From glamping to experiential tourism, here are some ways and choices you might have never thought of to enjoy a luxury travel that respects the environment as well as the territory.
This said, the introduction is not that useless: I’ve had quite a number of fairly “plush” trips and experiences either on business or for a special offer, including situations I’ve had the chance to be part of even though I am not (yet) that wealthy.
Moreover, some of my customers do relate perfectly to the industry of “luxury tourism”.
Therefore, I’ve had the chance to see with my own eyes how much this form of tourism leans towards environmental sustainability and the protection of natural resources.
This post aims then to be a starting point to get more feedback from you as well as a list of small tips to be used by those who love travelling in the “luxury” industry but are at the same time interested in well-being and the protection of the places they visit.
I don’t reckon these two things are incompatible, quite the opposite. I’m sure that the ethical luxury benchmark is the new real form of class, against the tacky and showy behaviour of Briatore and friends.
1 – Choose a villa with en suite facilities and related activities instead of a resort.
By dealing with the communications of luxury-oriented companies, I could see that many resorts offering all-inclusive stays have the same cost of high-level villas with garden, swimming-pool and private access to the sea. Yet, all-inclusive resorts have their tourists locked up within golden walls.
Customers choosing for an all-inclusive experience don’t get to know nor interact with local people, besides spending one or maybe a couple of evenings out in some contracted or discounted place. To sum up, resorts don’t redistribute that much wealth in the local areas.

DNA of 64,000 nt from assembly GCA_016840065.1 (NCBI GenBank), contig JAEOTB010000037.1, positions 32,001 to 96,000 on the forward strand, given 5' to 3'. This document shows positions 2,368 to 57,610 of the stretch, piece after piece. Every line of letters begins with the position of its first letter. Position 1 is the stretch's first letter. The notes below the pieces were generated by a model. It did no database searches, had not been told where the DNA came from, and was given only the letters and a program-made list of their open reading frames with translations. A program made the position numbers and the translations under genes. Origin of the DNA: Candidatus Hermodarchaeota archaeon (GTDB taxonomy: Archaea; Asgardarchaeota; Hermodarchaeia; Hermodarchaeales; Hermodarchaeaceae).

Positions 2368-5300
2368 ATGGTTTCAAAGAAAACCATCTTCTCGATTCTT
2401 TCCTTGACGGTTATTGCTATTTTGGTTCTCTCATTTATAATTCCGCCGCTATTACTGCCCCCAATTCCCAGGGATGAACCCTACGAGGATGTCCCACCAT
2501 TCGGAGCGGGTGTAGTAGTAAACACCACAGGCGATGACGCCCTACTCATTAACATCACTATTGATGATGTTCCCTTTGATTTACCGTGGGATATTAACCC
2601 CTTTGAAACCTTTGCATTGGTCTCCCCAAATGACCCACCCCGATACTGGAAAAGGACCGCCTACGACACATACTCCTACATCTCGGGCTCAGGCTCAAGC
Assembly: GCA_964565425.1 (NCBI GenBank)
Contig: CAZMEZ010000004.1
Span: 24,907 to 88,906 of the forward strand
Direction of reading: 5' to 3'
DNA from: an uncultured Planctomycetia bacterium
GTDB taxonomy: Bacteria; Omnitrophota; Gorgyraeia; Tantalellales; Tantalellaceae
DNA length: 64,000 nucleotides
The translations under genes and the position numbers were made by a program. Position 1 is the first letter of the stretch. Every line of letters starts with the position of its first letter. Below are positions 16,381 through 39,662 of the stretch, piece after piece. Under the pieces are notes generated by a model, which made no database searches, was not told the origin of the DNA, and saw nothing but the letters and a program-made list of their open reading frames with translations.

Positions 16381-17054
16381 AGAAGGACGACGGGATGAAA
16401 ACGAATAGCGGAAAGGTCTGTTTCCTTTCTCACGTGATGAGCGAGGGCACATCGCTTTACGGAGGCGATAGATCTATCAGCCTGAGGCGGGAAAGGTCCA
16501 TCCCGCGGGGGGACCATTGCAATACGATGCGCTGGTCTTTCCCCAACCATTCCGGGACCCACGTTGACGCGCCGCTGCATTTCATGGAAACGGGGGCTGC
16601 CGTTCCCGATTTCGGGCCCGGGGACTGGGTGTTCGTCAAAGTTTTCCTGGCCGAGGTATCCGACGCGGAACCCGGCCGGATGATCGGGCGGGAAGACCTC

A stay in a villa or masseria, on the contrary, encourages guests to go out and interact with the place. Some Italian and foreign agencies offer customers the possibility to enjoy different activities in luxury villas, according to their interests (yoga, pilates, water gym, chess etc.), but with locals. This helps local economies and small business that will have to go on working regardless of your travel period or needs as a tourist.
2 – Look for experiences (like this)
How many #boattours fans are there? How many of you like the sea wind touching your tanned skin, your hair twisting in the air, the sea drops and the smell of the sea all over your happy face? If you do, let me tell you that not all boat tours are the same. Some of them can even give you more and make you feel better as a traveler and as a person. Like the one I recently joined with @tourango. Read more by link in bio.
Someone may correctly point out that the good thing about an all-inclusive stay is that many activities are actually included, from massages to water gym, papier-mâché classes to appease the kids for a few hours to the tango class to make mom happy.
Yet, these activities are often useful to make time pass quickly, when you’ve got nothing else to do besides relaxing.
Experiential tourism is instead the perfect way to get to know the area by arranging activities with local experts, who will tell you about the history and main features of a place besides suggesting local experiences. Not necessarily on the cultural side, by the way! You can choose to have a street food experience or go and have fun in the dance clubs. Then culture and green tours as well.
3 – Choose your accommodation based on the environmental sustainability of the materials
Many hotels and B&B have by now invested in environmentally friendly solutions for materials and facilities, that is why their average cost is high (a solar installation or a facility with self-sustaining energy are very expensive to build and amortize). Yet, they are the right choice to combine our highly deserved cuddles with an ethical trip.
4 – Have you ever heard of glamping?
The blending of the words glamour and camping, which makes it easy to realize that this type of accommodation combines the comfort of a hotel with being in contact with nature and the surrounding environment. A glamping business is often started to offer a “sit back” experience to people who have their own environmental sensitivity and would like to get to know better the local area.
Well, I’d really go for a glamping experience! What about you?